Comparing the different daily transaction count of different crypto assets is always worthwhile. It can often confirm one’s suspicion or worst fears. The year 2020 has been very positive for EOS so far, as well as XRP. Ethereum and Bitcoin remain firmly where they were before.
EOS is the King of Transactions
Although most people wouldn’t necessarily expect it, EOS is the busiest blockchain of these four crypto assets. It notes the highest transaction numbers on a daily basis for quite some time now. That in itself is remarkable, considering how XRP was still ahead of EOS in the beginning of 2020.
Ever since mid-January, the momentum has shifted significantly. Overall, the number of daily transactions on EOS has kept rising for the past few months. Sustaining such strong growth is remarkable, considering how most people don’t give EOS a second glance.
Currently, the EOS network notes a daily transaction count of 2.6 million TX. That is an astonishingly high figure, especially when compared to XRP, Ethereum, and Bitcoin. A lot of transactions don’t automatically make EOS more successful per se. The project caters to different users compared to all other projects on the list.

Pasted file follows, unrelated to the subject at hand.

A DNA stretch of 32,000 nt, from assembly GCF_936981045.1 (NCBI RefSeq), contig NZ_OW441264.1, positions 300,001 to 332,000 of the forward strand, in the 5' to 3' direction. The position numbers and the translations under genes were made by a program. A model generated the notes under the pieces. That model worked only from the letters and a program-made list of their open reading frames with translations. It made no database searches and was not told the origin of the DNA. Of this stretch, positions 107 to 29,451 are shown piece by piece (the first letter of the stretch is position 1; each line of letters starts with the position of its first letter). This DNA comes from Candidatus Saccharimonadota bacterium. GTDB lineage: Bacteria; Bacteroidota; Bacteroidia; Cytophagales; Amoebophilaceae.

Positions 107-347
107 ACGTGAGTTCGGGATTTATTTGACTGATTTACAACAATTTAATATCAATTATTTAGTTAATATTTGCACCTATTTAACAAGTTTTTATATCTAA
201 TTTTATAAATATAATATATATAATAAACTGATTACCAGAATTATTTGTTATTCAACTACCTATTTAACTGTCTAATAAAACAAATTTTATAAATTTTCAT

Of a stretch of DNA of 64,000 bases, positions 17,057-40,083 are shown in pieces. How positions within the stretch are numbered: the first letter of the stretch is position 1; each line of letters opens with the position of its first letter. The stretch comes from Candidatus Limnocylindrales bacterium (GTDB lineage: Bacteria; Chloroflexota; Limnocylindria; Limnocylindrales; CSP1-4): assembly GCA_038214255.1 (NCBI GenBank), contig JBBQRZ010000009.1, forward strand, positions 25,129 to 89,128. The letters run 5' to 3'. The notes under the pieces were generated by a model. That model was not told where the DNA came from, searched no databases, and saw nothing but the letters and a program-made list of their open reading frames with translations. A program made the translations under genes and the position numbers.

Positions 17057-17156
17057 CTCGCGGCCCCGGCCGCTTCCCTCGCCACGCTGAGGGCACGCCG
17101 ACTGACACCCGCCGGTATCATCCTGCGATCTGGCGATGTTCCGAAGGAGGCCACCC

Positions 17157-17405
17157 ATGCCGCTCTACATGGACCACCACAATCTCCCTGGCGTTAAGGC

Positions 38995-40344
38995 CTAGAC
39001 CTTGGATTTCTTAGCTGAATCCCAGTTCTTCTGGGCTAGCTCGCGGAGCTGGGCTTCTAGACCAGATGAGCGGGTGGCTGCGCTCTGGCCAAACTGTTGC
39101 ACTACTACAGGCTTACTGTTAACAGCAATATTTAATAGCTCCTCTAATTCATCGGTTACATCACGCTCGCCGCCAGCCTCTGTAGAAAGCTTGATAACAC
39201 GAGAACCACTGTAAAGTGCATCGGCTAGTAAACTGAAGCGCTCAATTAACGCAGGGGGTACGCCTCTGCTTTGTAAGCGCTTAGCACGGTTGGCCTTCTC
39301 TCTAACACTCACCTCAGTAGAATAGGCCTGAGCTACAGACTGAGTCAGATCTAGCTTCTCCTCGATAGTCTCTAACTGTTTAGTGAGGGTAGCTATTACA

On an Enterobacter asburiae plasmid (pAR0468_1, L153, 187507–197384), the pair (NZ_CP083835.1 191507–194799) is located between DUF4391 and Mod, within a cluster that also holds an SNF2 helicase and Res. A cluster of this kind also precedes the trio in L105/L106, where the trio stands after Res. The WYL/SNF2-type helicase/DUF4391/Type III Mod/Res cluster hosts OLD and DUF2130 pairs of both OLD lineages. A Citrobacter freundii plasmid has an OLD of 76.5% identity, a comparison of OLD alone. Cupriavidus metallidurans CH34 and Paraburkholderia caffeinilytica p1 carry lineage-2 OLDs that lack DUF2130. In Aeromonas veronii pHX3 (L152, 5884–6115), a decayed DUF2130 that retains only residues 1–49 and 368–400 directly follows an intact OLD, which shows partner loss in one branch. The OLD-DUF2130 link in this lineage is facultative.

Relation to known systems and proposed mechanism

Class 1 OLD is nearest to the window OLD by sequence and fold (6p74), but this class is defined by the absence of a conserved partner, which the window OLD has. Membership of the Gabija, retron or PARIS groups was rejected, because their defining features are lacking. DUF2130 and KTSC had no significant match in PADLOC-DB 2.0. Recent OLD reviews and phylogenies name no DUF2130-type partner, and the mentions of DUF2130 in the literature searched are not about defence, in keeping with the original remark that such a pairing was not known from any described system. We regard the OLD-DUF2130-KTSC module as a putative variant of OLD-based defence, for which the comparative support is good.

Where are Transactions Coming From?
Similar to Ethereum, EOS has its own set of smart contracts and dApps. All of these offerings will contribute to the overall network transaction count on a daily basis.
Gambling dApps are always popular in this regard. EOS Certainly has plenty of those offerings in the list, which is well worth keeping an eye on.
Its DeFi ecosystem is very small, although it seems as if things may change for the better in this department as well.
Last but not least, there are a few exchange offerings that generate ample transactions. While their overall transfer volume may be relatively low, it could explain why EOS’ daily transaction count has increased sharply since early 2020.
Even so, the dApps and smart contracts do not necessarily explain all of the daily transactions either. On-chain movements by exchanges and trading platforms will certainly contribute to the overall volume.
Empty Blocks are Still a Thing
What is rather interesting is how EOS produces plenty of blocks with 0 transactions as well. According to EOStracker – as can be seen in the screenshot below – there aren’t always transactions in network blocks. This creates a bit of an awkward scenario.
This confirms that there may be room for further transactional growth as far as EOS is concerned. Filling all of the network blocks on the network has been tough. A shorter block time isn’t always beneficial unless there is a constant flow of transactions waiting to be processed.
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